I was home-schooled in Kenya and went to one of the local nurseries for the early part of my education. My parents moved out to Chogoria - a tiny wee village out in the sticks - when I was two years old, to work as medical missionaries. My dad worked as a GP in Scotland but when we were out there, he just did everything. Mum, who is also a GP, did the same thing when she wasn't looking after the three of us.
In terms of my education I had the best of both worlds really. At the local school we were taught the local language, maths and English and then mum taught us a bit about Britain and history.
A lot of my education was outdoors in fields, learning about nature and geography, playing football and running around - it was quite idyllic really. There was a lot of learning by doing things and interacting with the environment rather than being cooped up in a classroom.
We came back when I was about eight-and-a-half, and it was three days before the Lockerbie disaster in 1988. I adapted a bit better than my brother, who got sent home from school one day for refusing to wear shoes.
My education taught me two things. One was to challenge myself to do the best I could and the other to have some patience with myself. Mrs Hutton, my physics teacher at George Heriot's School, was good at that. She was an inspirational person and teacher.
I was terrible at physics and at the time was really frustrated that I just could not get it, but no matter how bad I was, she reassured me and persuaded me to try hard and stick with it. It took a lot of dedication on her part but eventually I got reasonable grades. That has stuck with me. It is so important to challenge and push yourself and get the best results you are capable of.
Mr Broadfoot was my chemistry teacher. He had a great sense of humour. I don't think anybody really looked forward to chemistry, but his personality made it fun. He was a bit of a mad scientist and was always setting up these crazy experiments.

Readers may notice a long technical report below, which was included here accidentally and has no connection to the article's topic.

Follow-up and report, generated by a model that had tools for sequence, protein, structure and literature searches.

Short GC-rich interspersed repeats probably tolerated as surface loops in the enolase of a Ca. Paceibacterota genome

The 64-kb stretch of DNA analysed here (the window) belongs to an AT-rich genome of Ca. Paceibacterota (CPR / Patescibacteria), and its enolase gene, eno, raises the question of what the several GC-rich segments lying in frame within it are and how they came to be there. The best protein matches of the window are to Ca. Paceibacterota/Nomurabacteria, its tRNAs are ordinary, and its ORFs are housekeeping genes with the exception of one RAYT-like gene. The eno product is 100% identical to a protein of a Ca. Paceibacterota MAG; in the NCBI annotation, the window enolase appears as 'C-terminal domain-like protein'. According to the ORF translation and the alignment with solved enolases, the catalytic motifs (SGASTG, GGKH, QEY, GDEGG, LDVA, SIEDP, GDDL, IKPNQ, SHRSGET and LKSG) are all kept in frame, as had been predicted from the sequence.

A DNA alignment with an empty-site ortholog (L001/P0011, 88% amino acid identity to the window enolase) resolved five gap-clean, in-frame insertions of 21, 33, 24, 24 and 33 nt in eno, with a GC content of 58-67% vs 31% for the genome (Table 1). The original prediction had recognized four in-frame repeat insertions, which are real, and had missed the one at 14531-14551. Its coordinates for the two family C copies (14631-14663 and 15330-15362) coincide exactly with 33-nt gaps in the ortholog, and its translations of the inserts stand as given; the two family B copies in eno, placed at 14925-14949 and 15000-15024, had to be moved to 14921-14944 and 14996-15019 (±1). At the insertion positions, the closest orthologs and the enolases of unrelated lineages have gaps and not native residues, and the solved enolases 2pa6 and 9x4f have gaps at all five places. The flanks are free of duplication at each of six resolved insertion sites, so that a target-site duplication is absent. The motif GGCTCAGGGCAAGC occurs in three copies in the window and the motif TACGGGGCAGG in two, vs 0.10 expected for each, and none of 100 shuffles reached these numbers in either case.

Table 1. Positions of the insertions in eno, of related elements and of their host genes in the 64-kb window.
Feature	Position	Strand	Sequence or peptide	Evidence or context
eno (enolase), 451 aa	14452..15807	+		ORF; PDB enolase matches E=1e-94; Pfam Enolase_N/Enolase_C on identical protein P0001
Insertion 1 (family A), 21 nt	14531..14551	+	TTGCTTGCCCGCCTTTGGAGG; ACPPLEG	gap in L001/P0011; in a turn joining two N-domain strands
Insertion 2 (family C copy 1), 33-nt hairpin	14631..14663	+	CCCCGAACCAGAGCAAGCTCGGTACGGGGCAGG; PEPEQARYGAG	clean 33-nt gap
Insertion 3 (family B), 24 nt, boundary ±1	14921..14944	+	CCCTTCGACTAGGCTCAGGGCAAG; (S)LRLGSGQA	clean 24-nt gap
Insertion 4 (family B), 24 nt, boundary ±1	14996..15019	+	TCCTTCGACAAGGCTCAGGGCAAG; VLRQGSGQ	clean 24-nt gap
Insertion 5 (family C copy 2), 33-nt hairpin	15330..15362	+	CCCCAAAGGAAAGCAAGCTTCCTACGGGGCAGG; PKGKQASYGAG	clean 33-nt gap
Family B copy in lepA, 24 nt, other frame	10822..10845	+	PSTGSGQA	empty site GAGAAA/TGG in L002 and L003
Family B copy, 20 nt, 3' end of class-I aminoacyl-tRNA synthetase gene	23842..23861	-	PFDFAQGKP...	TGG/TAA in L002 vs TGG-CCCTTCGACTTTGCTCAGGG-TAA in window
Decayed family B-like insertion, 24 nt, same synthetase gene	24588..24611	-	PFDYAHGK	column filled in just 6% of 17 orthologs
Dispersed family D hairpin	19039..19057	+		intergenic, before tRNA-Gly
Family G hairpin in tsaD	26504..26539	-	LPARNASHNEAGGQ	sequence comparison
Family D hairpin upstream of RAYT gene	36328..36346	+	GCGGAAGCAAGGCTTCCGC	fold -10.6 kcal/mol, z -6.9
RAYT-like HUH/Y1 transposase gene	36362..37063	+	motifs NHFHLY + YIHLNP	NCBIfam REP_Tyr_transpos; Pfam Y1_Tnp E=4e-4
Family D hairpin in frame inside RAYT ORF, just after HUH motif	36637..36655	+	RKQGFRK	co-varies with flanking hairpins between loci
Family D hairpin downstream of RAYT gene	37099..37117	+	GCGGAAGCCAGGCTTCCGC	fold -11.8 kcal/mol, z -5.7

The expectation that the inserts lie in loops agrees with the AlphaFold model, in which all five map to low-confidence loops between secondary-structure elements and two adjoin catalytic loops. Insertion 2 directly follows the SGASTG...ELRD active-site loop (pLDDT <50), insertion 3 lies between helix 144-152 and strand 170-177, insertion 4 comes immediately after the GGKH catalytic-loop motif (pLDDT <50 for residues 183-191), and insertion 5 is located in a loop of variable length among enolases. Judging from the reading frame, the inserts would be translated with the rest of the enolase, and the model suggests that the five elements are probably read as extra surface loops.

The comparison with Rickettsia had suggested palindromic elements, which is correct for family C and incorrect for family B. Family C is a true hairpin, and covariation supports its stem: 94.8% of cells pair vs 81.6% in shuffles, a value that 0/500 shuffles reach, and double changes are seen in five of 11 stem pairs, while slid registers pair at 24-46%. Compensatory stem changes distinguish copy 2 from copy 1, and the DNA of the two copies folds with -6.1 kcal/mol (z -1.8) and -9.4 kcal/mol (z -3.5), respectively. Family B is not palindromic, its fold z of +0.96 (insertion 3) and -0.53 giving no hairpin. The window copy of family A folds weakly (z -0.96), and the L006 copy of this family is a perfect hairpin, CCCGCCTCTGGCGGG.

I liked chemistry a bit more than physics, because you could make things explode, but my best subjects at school were English and history. You learn a lot from your own personal experience, though, and what your parents teach you. I was inspired to go into medicine by my dad and the passion he had for making folk better - and mum as well.
I looked completely different from the Kenyan children - unsurprisingly, I was the only ginger-haired kid there - but we played the same games, fell out the same trees and got on really well.
Throughout school I really enjoyed it. I tried hard enough to get reasonable results and I enjoyed the extra-curricular stuff. I have always played lots of sports - football, tennis, squash, cricket - and been reasonably active. That was something mum drilled into us because that was what she did herself. And in Kenya, walking or running places was the norm. You didn't drive there unless you were wanting to cover a significant distance.
Kenyan runners have obviously won everything from marathons to shorter distances. That might be because running is normal or it could be a genetic thing. Then, of course, there is the old wives' tale that Kenyan runners are descended from cattle rustlers. Whatever the case, it's good to get active and run around.
Andrew Murray was appointed in January by the Scottish government to promote the importance of physical activity. He was talking to Emma Seith
Born: Aberdeen, 1980
Education: Home-schooled in Kenya; South Morningside Primary; George Heriot's School - both in Edinburgh; medical degree, University of Aberdeen
Career: Edinburgh GP and Scotland's physical activity champion.